Re: capsicum(4): .. and SIGTRAP causing syscall really is in siginfo_t.si_errno?

From: Steffen Nurpmeso <>
Date: Thu, 13 Apr 2023 20:41:17 UTC

Ed Maste wrote in
 |On Wed, 12 Apr 2023 at 16:34, Steffen Nurpmeso <> wrote:
 |> I think capsicum is very, very smart and capable, like CloudABI
 |> was.  Yet very hard to work with as it needs so many new *at(),
 |> needs to have hooks to modify descriptors after accept(), and
 |> openat(), etc.  And needs user-path <> realpath(3) mappings .. the
 |> way i do it.)
 |Indeed. These limitations all stem from the properties that give
 |Capsicum its security properties (no access to global namespaces or
 |ambient authority). It is "relatively" straightforward to use when
 |incorporated into new software from the beginning, but certainly
 |harder to retrofit.
 |realpath is an interesting case, as in capability mode there is no
 |absolute root directory. All paths are necessarily relative to a
 |directory fd. The Casper fileargs service provides a realpath
 |replacement, but I've also started looking into what a Capsicum-native
 |realpathat would be.

Yes!  I do not know how it can work without actually, like i had
written in the other email.  I mean, if the service shall be able
to re-evaluate its configuration at runtime, with users having the
full flexibility of simply giving a path (in my case files with
allow or block lists, and resource-file chains), then it must be
able to realpath since openat(2) does not allow relative paths nor
absolute paths.
And .. outsourcing that "realpath" thing (as you say), or
performing the entire re-configuration outside the sandbox, seems
a target for those attacks that the capsicum(2) designers had in
mind when designing it that way.  realpathat(2) would be great.

 |> As i am very new with this -- am i correct assuming that once
 |> a capability was set on a directory or listening socket, opened
 |> / accepted FDs inherit the capability of "their parent"?
 |In general, yes. Rights can be removed or subsetted but not added.

Thank you, i had tested that a bit yesterday after the thing did
run, by removing rights from the root FD, .. and yes it worked.

 |> The capsicum(4) and rights(4) etc manuals are
 |> complete, but for someone without any real foreknowledge they miss
 |> some small hints, here and there.  Not that Linux does that
 |> better.  Or OpenBSD, where you need at least one unveil with "some
 |> meat" in order to apply it, even if you simply want no paths at
 |> all.  .. I think.)
 |I think capsicum(4) in particular could use more information, but man
 |pages are always going to be closer to reference material. The initial
 |Capsicum paper is a good read to understand Capsicum's design and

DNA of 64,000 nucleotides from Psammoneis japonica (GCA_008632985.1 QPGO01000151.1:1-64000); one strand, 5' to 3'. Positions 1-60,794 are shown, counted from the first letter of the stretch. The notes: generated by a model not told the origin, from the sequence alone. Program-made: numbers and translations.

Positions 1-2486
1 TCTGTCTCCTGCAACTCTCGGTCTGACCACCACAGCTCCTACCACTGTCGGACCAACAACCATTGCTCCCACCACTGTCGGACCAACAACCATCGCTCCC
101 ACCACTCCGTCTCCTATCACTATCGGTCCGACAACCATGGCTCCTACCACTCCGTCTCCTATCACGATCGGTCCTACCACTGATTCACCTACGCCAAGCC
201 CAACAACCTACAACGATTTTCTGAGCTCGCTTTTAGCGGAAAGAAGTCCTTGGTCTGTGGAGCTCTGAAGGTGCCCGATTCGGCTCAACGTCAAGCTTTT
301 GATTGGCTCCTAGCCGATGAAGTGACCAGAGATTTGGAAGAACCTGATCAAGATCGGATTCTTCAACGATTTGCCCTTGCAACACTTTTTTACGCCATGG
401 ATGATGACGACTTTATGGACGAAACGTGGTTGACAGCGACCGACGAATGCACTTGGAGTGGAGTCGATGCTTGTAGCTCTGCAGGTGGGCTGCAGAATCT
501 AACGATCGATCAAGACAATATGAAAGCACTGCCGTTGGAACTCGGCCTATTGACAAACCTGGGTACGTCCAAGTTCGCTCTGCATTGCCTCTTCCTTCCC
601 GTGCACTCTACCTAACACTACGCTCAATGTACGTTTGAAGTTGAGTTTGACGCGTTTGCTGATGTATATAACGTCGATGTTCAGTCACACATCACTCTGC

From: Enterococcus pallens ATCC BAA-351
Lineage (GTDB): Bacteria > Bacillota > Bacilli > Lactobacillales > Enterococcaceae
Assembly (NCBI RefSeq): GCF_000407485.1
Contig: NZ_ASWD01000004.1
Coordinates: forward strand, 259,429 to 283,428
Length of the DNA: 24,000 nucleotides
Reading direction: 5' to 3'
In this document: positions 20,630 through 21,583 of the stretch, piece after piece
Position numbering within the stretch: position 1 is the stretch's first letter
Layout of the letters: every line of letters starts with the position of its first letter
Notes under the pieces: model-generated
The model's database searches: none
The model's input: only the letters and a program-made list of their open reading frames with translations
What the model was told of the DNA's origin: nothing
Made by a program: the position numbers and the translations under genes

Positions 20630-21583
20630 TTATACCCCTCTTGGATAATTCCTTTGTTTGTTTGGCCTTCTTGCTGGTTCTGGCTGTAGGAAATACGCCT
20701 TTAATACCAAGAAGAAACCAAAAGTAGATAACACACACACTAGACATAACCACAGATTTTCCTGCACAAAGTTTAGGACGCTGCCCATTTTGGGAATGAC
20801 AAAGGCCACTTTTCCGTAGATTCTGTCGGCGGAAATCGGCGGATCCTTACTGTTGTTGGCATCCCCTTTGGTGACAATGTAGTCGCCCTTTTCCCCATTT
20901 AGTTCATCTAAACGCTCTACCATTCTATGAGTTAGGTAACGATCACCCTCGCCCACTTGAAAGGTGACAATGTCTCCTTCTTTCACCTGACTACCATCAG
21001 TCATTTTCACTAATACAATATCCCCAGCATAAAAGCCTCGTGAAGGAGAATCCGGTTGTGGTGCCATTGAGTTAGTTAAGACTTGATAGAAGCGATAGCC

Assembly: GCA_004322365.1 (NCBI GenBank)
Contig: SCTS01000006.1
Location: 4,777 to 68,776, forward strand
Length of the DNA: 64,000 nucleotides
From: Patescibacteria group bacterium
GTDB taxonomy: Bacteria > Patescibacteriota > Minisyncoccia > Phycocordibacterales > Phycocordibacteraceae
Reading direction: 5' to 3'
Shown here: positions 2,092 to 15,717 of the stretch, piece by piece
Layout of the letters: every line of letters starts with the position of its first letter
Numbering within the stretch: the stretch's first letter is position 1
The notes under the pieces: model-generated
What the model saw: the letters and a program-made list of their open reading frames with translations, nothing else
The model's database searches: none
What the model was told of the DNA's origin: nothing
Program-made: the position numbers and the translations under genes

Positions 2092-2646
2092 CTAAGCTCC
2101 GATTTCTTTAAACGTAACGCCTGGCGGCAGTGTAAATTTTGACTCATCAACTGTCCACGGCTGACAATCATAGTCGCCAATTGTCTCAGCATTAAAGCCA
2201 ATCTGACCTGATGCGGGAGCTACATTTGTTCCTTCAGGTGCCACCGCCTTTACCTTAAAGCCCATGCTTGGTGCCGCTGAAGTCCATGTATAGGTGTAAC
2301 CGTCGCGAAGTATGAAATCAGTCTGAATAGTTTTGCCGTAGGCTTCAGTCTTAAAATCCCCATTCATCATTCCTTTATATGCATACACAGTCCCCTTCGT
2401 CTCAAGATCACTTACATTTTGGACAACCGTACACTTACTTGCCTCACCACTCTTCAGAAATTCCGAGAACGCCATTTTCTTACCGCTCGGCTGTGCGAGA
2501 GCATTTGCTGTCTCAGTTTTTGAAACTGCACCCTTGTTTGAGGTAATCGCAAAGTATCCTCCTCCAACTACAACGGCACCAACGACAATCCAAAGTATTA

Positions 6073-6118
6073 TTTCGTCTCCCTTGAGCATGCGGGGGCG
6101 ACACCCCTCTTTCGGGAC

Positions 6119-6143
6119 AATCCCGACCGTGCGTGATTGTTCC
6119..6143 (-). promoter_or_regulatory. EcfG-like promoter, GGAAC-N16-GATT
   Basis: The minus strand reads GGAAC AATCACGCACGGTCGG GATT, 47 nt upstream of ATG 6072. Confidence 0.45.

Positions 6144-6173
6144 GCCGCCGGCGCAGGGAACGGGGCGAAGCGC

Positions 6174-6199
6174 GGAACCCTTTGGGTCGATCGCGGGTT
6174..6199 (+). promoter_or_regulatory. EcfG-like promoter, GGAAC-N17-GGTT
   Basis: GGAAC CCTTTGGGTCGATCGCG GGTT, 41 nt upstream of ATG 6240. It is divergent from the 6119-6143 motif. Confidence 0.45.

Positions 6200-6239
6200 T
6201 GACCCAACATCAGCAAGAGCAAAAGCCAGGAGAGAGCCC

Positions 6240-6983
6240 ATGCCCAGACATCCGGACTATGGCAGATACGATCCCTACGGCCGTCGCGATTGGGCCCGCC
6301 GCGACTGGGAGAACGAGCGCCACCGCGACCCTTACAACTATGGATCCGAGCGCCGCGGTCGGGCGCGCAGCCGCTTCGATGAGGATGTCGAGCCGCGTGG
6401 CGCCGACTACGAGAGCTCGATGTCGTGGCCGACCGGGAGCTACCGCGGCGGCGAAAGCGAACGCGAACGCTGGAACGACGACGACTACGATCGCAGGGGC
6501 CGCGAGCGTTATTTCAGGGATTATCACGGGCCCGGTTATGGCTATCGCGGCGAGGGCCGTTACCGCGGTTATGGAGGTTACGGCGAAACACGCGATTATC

|approaches that can be taken to refactor existing software:

2010 even, it came to my mind seeing all these 2013 copyrights,
.. but the anniversary passed aleady.  'Will download it when i am
online again.

 |> I had the impression that casper uses a supervising process.
 |I wouldn't describe it as a "supervising process", but Casper does
 |indeed involve additional process(es). In essence Casper services are
 |performing the same work that an explicitly privilege-separated
 |process would do. With cap_fileargs for example you have one process
 |(that is not operating in capability mode) with access to the
 |filesystem (global namespace). That process opens files, and passes
 |file descriptors to the capability-mode process that performs the

Yes.  Ok here it is actually supervising since i need some easy
and portable way to ensure gracefully the logger process
terminates when the actual server process terminates.
(I mean, without an additional communication pipe or something.
The logger simply does blocking reads, and then blocking writes.
Also, like this, he shares the file lock with the actual server,
so no shutdown/startup synchronization problems ever can occur,
portable and easily.  You know .. even though it now has the
special --startup, --status, --shutdown modes, the original idea
was, and that is how i personally use it, that one simply asks it
a question by starting the client, and the client automatically
starts the single instance server if that is not running, and that
configurably times out after so and so much time without any
client.. etc etc etc.
That made me painfully realize that unfortunately UNIX domain
sockets fail their bind(2) with EADDRINUSE if the path exists,
even though if there is no active server bound to them, actually
requiring that additional reassurance lock file the descriptor of
which now is shared, as above.)

I wanted to avoid such very expensive things, like your casper
example, for such a small thing.  I mean, before the sandboxing,
this secondary server took about 800 KB RAM and consumed 0.00
seconds CPU time for over a week of work.  I hate that on Linux
and FreeBSD log messages now go X->OS->logger process out of
sandbox->OS->syslogd->OS and what do i know.  But i never grasped
such also for sound processing, i still worship the FreeBSD sound
device muxer from about twenty years ago, i could record music
with about ~1.5 percent CPU usage on a Cyrix 166+, and easily play
music as some frequency and format conversions were built into the
kernel, simplemost and cheap user space work to get this done. 
(While doing work and compile sessions, without stutter etc, on
a single processor box with slow hard disk!)

 --End of <\

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